Managing Sustainable Design for the Long Term in Workplace Interiors

Managing Sustainable Design for the Long Term in Workplace Interiors

Last part of a 3-part article focusing on facility, generational, and work style issues that should be considered in workplace design

By Cara McKedy  
OTHER PARTS OF THIS ARTICLEPt. 1: Using Interior Strategies To Boost Productivity, Sustainability InitiativesPt. 2: Allowing for Varying Employee Ages, Preferences in Workplace Style Pt. 3: This PagePt. 4: LEED v4 and Why Raising the Bar Matters

Sustainability can be viewed in terms of space consumption, energy consumption, and material lifecycle. A truly sustainable workplace will excel in all of these areas. Sustainable design in workplace interiors goes beyond certifying a green facility and includes flexibility for the long term — providing office spaces that surpass current trends and evolve to become what employees need from them in the future.

In terms of space use, a smaller physical footprint will lead to reduced overhead in terms of maintenance, utilities, and other expenses associated with a larger workplace. In many modern workplaces, there is a great deal of real estate sitting empty for a large portion of the day that when designed correctly can become a productive work area. Except during lunch time, how often does the break room or cafeteria get used? A popular strategy for getting the most out of this under-used real estate is implementing flexible multi-use spaces and shared workspaces. Multi-use spaces are those areas designed to accommodate more than one employee need, such as a break room that offers lounge and task seating for collaboration any time of the day.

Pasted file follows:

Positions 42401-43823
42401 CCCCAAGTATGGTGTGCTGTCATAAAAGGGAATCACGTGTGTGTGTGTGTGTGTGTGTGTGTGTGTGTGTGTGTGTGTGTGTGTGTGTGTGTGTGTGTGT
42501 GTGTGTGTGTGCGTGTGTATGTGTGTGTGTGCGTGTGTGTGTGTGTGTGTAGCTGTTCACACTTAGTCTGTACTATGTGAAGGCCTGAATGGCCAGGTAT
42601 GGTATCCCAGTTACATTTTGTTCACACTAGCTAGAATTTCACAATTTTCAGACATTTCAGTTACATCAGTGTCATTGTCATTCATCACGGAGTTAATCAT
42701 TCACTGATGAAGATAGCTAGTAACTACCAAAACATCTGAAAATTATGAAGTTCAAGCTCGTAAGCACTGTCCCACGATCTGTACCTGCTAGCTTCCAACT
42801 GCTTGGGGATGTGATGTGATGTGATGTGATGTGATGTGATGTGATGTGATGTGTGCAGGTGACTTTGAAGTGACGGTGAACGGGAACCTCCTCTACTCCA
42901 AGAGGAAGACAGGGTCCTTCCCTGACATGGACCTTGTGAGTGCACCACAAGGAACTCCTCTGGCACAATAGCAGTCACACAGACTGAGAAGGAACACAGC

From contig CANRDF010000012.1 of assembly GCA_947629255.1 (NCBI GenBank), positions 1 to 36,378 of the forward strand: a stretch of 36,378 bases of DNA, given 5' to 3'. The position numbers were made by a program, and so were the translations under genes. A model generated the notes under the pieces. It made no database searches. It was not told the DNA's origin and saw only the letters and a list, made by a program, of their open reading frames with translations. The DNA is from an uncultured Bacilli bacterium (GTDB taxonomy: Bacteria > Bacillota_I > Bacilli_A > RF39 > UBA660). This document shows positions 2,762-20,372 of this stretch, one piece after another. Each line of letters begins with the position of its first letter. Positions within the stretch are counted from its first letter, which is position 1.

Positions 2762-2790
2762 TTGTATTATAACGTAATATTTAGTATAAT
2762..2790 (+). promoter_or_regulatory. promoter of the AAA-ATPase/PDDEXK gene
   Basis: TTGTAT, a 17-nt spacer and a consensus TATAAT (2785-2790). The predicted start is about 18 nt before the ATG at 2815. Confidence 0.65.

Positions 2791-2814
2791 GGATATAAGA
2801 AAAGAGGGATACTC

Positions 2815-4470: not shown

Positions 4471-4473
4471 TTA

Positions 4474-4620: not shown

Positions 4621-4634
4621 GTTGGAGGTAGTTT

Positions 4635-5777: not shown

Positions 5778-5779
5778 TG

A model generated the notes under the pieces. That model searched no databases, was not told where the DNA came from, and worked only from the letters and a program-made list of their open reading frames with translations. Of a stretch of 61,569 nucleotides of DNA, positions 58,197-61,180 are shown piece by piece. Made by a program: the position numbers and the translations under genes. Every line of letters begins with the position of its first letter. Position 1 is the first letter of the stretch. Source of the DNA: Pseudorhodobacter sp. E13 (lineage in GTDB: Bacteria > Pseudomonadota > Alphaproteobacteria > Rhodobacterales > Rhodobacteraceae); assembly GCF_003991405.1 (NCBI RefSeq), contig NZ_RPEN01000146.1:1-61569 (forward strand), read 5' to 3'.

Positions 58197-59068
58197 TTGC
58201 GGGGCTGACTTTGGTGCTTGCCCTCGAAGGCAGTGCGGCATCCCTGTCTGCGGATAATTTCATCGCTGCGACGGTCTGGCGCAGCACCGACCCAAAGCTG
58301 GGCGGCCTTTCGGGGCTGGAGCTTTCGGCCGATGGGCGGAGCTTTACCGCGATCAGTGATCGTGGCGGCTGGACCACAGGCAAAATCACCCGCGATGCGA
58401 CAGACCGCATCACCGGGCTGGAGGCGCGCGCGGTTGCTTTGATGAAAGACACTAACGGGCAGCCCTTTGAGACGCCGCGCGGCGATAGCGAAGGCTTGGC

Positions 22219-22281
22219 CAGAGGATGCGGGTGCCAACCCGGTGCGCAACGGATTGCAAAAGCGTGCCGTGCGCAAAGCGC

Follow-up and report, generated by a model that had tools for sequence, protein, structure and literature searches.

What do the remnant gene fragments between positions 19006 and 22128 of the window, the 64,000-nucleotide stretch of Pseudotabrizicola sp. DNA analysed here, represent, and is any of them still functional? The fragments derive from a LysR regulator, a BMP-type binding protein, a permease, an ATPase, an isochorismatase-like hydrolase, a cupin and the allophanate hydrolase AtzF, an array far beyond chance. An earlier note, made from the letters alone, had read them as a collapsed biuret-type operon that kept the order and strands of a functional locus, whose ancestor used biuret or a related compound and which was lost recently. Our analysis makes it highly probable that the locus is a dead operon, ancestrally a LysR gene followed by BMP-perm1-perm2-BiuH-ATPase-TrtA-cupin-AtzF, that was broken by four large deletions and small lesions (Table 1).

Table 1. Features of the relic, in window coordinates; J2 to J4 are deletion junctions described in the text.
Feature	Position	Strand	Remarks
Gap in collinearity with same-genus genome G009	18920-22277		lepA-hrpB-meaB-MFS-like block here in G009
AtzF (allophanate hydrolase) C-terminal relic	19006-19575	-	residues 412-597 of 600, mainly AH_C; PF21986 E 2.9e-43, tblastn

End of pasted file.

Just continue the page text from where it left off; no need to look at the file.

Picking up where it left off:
Circulation corridors are another space that can be easily repurposed to serve more than one function. Instead of using a dedicated copy/mail room, sustainable offices might place the copier in an area exposed to more foot traffic. This not only saves space, but may increase impromptu interaction amongst employees.

Businesses have an opportunity to help decrease their energy consumption while improving employee productivity. Lighting is the greatest consumer of energy in office buildings. Making lighting improvements can have a big impact on both the bottom line and employee contentment. Lighting technology has made great strides that assist with this goal. New LED fixtures come in a variety of color temperatures that create a more comfortably lit space with the added benefit of a return-on-investment in energy savings. Task lighting at the work surface and daylight harvesting along window lines are other ways to improve employee wellness while making a positive impact on the environment.

In terms of material life-cycle, facility managers need to plan sustainable workplaces to include furnishings and finishes that are durable, long-lasting and flexible for future use. The lifecycle of a product is the biggest concern here. While certain furnishings may be visually impactful, if they are discarded to a landfill in one or two years due to changing trends, styles, or employee preferences, the aesthetic benefit of those materials pales in comparison to the damage being done to the environment, not to mention the pocketbook.

By using thoughtful design practices that prioritize productivity and sustainability, it is possible to create a workplace that promotes employee wellbeing, encourages efficiency, and reduces an office building’s impact on the environment.

Cara McKedy, interior designer at Remiger Design, has experience crossing a range of project sizes, scopes, and industries, having led projects all over the country. Her experience includes corporate, educational, hospitality, retail, and industrial project types. She is responsible for design, project management, and client development.

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  posted on 8/13/2015   Article Use Policy

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